Medical Device Daily

While the shareholder approval of the Boston Scientific /Guidant merger late last month was reportedly “overwhelming“ in its favor, those voting most readily for the deal must certainly be aware that the best prospects for this newly formed cardio conglomerate will come in the long haul, not the short term.

With deal close we couldn't help but think of the new company as much like Gulliver, tied down by a bunch of Lilliputians. But the combined Boston Sci/Guidant concerns that the now much larger company will face are hardly Lilliputian.

Let's note some of them.

An FDA warning letter issued to Boston Sci in January.

The letter has put the kibosh on the company's normally hefty schedule of regulatory approvals and rollouts, putting them on hold until a variety of quality problems have been cleaned up.

Interestingly, Boston Sci – which will be the parent and driving part of the expanded entity – makes the resolution of these issues its No. 1 priority, not the integration of the organizations.

That was made clear by Boston Sci executives during their most recent analyst conference call. But as the parent company, Boston Sci would seem to be rather weak as a guide for its new Guidant subsidiary (or whatever name it gives the new unit) in negotiating the dark corridors of FDA regulation.

Integration of the two companies.

This is the second in the list of priorities detailed by Boston Sci during its analyst call. In reality, achieving this may not be too difficult since both companies are focused on the same technology sector, with a host of well-established products and strong sales groups in place.

But a variety of large adjustments in staffing and facilities will have to be made, and we have never seen a large company move very swiftly or gracefully. Overall, the integration of these two big entities calls to mind a picture of an elephant couple making love. Awkward, but doable.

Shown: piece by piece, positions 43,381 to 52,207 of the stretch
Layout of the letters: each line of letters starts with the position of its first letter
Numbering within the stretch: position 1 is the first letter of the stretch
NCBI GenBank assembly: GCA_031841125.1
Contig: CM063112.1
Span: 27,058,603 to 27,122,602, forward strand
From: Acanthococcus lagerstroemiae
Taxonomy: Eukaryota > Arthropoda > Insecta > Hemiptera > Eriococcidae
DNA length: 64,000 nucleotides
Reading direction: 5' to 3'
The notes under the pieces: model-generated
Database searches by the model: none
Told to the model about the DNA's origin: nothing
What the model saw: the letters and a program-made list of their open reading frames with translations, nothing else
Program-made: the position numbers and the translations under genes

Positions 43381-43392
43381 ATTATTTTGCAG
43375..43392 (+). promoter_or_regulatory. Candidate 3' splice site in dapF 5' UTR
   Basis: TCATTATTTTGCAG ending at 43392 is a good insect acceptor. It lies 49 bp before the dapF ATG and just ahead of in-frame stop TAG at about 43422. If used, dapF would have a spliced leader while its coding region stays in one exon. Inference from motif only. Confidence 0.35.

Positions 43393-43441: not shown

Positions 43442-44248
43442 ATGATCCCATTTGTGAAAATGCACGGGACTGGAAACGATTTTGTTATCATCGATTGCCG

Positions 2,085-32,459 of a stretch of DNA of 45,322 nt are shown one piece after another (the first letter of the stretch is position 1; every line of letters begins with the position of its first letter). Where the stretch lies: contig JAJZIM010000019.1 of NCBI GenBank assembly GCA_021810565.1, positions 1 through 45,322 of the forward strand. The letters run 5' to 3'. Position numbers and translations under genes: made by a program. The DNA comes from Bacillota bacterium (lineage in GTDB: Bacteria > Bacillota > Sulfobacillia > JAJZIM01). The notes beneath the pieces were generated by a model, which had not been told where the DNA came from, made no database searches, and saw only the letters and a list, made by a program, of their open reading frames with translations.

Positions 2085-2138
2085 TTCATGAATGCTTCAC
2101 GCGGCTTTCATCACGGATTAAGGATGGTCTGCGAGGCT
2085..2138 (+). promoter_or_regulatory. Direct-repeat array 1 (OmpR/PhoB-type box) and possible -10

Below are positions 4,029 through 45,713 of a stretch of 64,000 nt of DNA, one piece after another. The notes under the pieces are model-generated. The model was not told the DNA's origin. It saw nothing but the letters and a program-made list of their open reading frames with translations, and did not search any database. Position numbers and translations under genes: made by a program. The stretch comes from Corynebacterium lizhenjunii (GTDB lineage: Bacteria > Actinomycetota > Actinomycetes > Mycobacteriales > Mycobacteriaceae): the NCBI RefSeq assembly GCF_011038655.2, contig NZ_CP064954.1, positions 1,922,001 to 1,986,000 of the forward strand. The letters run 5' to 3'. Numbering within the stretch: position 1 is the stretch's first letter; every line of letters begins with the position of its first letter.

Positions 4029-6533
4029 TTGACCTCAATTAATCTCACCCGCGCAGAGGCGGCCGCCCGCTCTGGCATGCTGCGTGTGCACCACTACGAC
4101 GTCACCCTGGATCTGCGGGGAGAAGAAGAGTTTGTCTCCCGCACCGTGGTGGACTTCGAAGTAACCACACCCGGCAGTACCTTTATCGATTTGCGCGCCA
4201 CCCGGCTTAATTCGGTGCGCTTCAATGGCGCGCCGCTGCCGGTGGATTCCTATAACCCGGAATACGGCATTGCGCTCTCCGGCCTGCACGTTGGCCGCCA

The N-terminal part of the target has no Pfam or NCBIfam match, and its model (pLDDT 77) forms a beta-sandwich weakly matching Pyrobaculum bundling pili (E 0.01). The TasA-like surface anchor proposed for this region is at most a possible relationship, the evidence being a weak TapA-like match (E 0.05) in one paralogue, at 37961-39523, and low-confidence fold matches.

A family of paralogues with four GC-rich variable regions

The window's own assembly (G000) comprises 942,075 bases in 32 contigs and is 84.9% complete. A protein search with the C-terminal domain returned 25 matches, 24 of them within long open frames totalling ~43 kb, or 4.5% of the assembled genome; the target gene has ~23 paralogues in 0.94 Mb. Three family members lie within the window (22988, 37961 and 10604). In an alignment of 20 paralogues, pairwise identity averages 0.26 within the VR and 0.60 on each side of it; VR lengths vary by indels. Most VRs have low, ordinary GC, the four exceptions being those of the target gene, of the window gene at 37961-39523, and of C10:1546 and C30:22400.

A legal quagmire.

This one will be rough. Without suggesting that we are offering a professional legal perspective, we would expect that Guidant/(Boston Sci) will be paying out hundreds of millions of dollars in lost liability suits, individual settlements outside of court and class action settlements.

But the main problem here probably won't be monetary, since these big companies have learned to simply squirrel away the cash to cover these “costs-of-doing-business“ legal expenses for later payout.

No, the bigger issue will be that of public relations. Court reports from the liability trials, or of settlements, will dog the company for dozens of months to come and cast a shadow over Guidant's products.

The proposed name change for the rhythm management unit won't be much of a shield either. Rather, it will force physicians to tell patients, “Oh, you're getting a defibrillator made by ______ – you know, the company that used to be Guidant.“

Patient response: “Doc, maybe one of those St. Jude [or Medtronic ] models might be better.“ (And given the current legal environment, smart doctors are likely to agree.)

All of this won't be helped by the fact that neither Boston Scientific nor Guidant is great at the PR game. Boston Sci basically ignores the trade press, and Guidant has been shown to lack a skill set for clear, consistent and necessary communication.

Sector share woes.

The combined company is going to have lots of difficulty here if it can't provide a running start to show it can move ahead and run smoothly in its merged operations.

Boston Sci may suffer from being linked to a tainted subsidiary, and Guidant may have difficulty maintaining its R&D strength in implantable technologies if it must play second fiddle to a company focused on the interventional side of cardiovascular products.

Analysts and shareholders will especially be watching with a microscope the effect of the merger, both in terms of quarterly sales reports, R&D success and new product offerings over the next two to three years.

We are not economists, but we assume the big debt Boston Sci must take on will be a drag on financial flexibility for months and months to come. And it is likely to see growing pressure on the all-important sales of stents as new players enter the drug-eluting stent space this year and the next.

Then there's Indiana.

Indianapolis clearly fears the loss of its major participant in the med-tech space. If Guidant pulls up stakes and moves on, that region, not particularly a big player in med-tech, will fall even further behind this particular curve.

But finally, and more importantly, the question is whether patients in Indiana – or anywhere else in the world – will see real benefits from this marriage

Probably, hopefully, they will.

We assume that there is sufficient humane leadership in the organization to tie these two big cruise ships together and head them upstream – scientifically, technologically and clinically.